(Un)settling the Neolithic

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Douglass Whitfield Bailey, A. W. R. Whittle, Vicki Cummings
Oxbow, 2005 - Social Science - 149 pages
This book takes a fresh look at the European Neolithic and asks pertinent questions about the way in which we study it. By unsettling accepted notions regarding sedentism and the onset of farming, the contributors are able to sow that many ideas which are taken as read may need re-evaluating in the light of new modes of thinking. Sedentism and mobility form the bulk of this volume's focus, and a number of papers look at these concepts through examining/re-examining certain sites or collections of sites. Paul Halstead makes the case that sedentism does not preclude a large degree of mobility. Bailey asks us to completely re-think our attitude to the built environment of the Neolithic, arguing that we are trapped by details as to the purpose of structures, rather than on what effect their presence had on the people who used them. Taken together, these fourteen papers encourage us to move beyond the search for sedentism or mobility as a characteristic of society.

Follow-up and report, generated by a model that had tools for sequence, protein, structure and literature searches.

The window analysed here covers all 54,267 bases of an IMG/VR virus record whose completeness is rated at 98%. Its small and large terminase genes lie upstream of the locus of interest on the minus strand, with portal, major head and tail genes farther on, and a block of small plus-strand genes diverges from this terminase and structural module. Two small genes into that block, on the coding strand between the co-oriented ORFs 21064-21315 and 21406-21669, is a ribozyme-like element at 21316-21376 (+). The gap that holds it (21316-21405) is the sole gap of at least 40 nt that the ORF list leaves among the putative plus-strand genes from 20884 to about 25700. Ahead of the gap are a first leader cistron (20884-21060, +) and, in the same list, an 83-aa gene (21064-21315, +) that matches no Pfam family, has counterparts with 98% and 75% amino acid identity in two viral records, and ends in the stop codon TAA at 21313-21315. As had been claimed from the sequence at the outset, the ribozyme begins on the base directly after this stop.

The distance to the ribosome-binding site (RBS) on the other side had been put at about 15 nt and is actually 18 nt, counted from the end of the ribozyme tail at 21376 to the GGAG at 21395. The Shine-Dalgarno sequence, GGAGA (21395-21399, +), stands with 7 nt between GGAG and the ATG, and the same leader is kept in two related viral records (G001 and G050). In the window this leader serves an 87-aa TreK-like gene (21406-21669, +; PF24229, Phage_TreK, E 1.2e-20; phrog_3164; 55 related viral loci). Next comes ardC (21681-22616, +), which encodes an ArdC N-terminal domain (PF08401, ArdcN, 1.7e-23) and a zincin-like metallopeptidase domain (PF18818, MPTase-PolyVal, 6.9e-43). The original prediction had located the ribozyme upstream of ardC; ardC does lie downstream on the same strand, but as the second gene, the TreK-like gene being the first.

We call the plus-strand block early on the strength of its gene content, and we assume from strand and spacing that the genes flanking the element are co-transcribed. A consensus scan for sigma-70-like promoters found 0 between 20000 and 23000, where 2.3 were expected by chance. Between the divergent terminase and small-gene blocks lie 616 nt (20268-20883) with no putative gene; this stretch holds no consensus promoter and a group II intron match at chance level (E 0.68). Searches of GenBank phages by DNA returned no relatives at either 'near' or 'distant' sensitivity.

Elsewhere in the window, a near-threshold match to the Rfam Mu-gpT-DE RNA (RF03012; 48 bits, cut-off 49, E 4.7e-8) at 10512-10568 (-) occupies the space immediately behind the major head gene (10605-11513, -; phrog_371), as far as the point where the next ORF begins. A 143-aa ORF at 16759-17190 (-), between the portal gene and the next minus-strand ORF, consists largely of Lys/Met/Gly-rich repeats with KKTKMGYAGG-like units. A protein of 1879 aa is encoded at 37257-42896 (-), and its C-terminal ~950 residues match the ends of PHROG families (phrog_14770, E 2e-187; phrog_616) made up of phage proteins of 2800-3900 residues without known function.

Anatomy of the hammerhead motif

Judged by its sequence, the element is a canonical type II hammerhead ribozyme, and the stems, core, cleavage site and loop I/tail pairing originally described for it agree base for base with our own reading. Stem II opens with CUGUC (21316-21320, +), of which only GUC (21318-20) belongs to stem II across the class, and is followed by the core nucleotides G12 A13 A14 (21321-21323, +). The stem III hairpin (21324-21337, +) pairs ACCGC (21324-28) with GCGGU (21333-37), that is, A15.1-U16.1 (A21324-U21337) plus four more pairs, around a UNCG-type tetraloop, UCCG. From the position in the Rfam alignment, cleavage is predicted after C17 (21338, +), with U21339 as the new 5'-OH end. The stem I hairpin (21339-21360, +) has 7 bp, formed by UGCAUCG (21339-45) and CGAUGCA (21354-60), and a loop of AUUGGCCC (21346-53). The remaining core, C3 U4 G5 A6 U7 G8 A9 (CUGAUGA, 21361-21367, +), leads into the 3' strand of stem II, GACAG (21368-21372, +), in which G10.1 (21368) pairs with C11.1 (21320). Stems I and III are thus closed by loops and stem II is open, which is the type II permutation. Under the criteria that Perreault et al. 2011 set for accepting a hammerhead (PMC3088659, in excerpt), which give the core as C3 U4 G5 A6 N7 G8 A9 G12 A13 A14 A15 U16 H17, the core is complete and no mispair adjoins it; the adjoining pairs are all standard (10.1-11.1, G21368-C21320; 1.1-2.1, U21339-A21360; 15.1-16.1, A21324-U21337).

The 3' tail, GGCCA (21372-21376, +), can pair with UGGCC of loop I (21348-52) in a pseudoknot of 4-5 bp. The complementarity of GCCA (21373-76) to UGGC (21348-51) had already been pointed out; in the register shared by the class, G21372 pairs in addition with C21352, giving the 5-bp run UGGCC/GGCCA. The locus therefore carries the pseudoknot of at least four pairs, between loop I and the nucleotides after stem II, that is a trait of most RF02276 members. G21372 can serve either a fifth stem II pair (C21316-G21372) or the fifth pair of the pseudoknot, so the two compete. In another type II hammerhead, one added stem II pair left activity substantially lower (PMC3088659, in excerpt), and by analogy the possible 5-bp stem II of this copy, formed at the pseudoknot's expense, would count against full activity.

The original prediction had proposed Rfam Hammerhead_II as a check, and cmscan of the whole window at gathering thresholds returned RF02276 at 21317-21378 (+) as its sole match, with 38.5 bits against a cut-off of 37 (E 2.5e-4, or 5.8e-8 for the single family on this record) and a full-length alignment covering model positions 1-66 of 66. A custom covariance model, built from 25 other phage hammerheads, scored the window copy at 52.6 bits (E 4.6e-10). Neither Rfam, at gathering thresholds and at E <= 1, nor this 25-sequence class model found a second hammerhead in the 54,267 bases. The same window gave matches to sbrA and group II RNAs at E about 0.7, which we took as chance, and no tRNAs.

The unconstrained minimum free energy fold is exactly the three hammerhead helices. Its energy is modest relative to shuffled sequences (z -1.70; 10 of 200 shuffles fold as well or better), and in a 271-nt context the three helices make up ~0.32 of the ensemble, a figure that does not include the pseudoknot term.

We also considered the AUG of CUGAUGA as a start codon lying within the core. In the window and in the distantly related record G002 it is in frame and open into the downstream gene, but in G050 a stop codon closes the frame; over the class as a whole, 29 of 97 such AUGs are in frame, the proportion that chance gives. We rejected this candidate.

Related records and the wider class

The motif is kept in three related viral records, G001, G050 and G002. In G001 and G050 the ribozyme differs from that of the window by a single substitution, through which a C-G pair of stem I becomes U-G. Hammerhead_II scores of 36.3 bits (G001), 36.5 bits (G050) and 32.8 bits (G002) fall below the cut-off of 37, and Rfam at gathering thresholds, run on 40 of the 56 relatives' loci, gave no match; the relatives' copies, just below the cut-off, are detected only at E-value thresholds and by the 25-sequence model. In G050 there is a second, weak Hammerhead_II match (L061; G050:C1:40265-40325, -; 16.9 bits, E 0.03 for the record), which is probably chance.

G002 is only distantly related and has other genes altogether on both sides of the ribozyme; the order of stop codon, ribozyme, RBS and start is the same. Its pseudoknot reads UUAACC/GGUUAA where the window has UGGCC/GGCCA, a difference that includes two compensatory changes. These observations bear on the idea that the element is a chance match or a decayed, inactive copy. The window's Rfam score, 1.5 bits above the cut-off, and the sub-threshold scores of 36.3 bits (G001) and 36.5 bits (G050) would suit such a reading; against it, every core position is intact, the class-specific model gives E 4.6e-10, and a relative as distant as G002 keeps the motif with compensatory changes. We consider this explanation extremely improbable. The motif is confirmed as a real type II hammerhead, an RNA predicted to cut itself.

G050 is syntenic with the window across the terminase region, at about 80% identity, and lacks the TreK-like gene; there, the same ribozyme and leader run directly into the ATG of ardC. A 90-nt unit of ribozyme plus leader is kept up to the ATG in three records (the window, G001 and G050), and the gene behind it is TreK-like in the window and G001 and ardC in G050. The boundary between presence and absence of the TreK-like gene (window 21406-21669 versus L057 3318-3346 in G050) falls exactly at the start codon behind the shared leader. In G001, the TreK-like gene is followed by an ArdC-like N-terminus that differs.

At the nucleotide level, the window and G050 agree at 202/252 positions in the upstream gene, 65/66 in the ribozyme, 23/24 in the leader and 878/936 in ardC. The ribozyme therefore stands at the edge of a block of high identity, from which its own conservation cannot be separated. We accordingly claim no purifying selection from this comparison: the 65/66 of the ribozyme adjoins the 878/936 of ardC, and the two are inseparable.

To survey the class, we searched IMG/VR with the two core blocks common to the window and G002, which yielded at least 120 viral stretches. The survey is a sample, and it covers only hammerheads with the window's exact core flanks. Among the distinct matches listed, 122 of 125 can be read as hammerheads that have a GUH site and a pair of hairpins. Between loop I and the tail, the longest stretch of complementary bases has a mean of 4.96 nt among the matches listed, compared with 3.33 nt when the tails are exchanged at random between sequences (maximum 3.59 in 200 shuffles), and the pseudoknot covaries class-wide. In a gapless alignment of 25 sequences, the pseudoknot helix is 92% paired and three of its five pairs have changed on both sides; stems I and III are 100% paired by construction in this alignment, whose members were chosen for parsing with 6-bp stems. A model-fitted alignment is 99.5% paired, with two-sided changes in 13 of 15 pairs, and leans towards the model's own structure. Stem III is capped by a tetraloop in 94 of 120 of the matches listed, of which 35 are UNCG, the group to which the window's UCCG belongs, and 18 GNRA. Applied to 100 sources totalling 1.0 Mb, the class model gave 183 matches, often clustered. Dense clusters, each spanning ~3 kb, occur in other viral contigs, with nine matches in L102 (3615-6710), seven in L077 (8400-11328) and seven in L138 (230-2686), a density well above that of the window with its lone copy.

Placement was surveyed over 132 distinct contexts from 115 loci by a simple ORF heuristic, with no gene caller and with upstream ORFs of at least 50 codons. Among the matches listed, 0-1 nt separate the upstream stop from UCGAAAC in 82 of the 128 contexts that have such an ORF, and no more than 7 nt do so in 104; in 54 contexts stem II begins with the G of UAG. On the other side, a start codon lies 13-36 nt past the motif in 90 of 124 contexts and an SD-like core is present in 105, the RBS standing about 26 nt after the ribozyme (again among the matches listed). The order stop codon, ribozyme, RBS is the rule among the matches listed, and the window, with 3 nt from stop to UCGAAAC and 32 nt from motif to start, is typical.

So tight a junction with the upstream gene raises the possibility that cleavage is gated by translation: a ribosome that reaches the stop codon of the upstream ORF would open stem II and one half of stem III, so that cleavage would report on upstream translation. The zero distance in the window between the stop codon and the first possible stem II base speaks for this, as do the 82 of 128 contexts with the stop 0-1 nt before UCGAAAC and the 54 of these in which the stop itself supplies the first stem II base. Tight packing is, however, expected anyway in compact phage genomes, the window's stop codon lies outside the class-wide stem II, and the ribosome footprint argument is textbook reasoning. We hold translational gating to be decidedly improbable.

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Contents

unsettling frontiers of the MesolithicNeolithic Balkans
16
Can seasonality studies be used to identify sedentism in the past?
32
animals environment and culture in the Neolithic of the Carpathian Basin and adjacent
51
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About the author (2005)

Alasdair Whittle is Distinguished Research Professor in Archaeology at Cardiff University.

Co author of: "Diet Guide: Diet Guidance from Comfort Foods, Blood Type Diet and Anti Inflammatory.

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